Stephanie Pounds
I received this book as part of the Library Thing Early Reviewer program and I requested it because David Abbott's book was compared to Ian McEwan. I'm happy to report, after reading the book, the comparison stands. The writing style and structure of the book are indeed McEwan-esque. The Upright Piano Player tells the story of Henry Cage, an advertising executive trying to deal with an estranged son, the terminal illness of his ex-wife, the end of his career, and a stalker. Each of these sub-plo ...more
Liza
I think the point of this book is about the randomness of life. However, I still feel like I do not grasp the author's full intention in writing this book and starting it off so terribly, finishing it somewhat cleanly, only to leave the reader knowing what will become of the protagonist's future. It's heartbreaking. And I think I don't "get it." Unless there's not much to get, which is the author's point.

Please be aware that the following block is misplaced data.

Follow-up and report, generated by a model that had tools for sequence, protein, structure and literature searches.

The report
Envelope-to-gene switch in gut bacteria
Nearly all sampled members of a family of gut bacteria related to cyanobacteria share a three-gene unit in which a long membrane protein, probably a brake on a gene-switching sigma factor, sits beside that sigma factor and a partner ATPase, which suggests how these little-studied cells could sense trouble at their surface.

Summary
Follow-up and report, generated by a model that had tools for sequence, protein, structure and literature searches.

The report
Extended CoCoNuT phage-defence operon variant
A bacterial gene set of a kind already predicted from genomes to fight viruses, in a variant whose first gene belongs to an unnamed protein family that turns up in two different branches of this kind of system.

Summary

Lexie
Quotes:

Why does one man's adrenaline go to his legs and another's to his fists? Faced with danger, would he be a runner or a fighter?

He had grown up sleek and stark and full of scorn.

She had built a life of carefully contrived small treats and she understood the value of postponed pleasure.

She would joke (only half-joke) that unrequited love is the only kind of love that lasts.

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Free Books, .99 &...: Giveaway - The Upright Piano Player 1 10 Mar 07, 2012 09:06AM  
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David Abbott (born ca. 1938) is a British advertising executive who founded Abbott Mead Vickers BBDO.

Abbott started as a copywriter at Mather & Crowther and then at DDB, London. In 1966, he was sent to their New York office, then returned to London as a director.

In 1971, he founded French Gold Abbott. In 1978, he founded Abbott Mead Vickers (AMV), handling clients including Volvo, Sainsbury's,
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“Between a book's covers there may be passion, bile, mayhem, or murder, but in the quiet spaces where it awaits its fate (either acceptance of indifference) all is calm.” 3 likes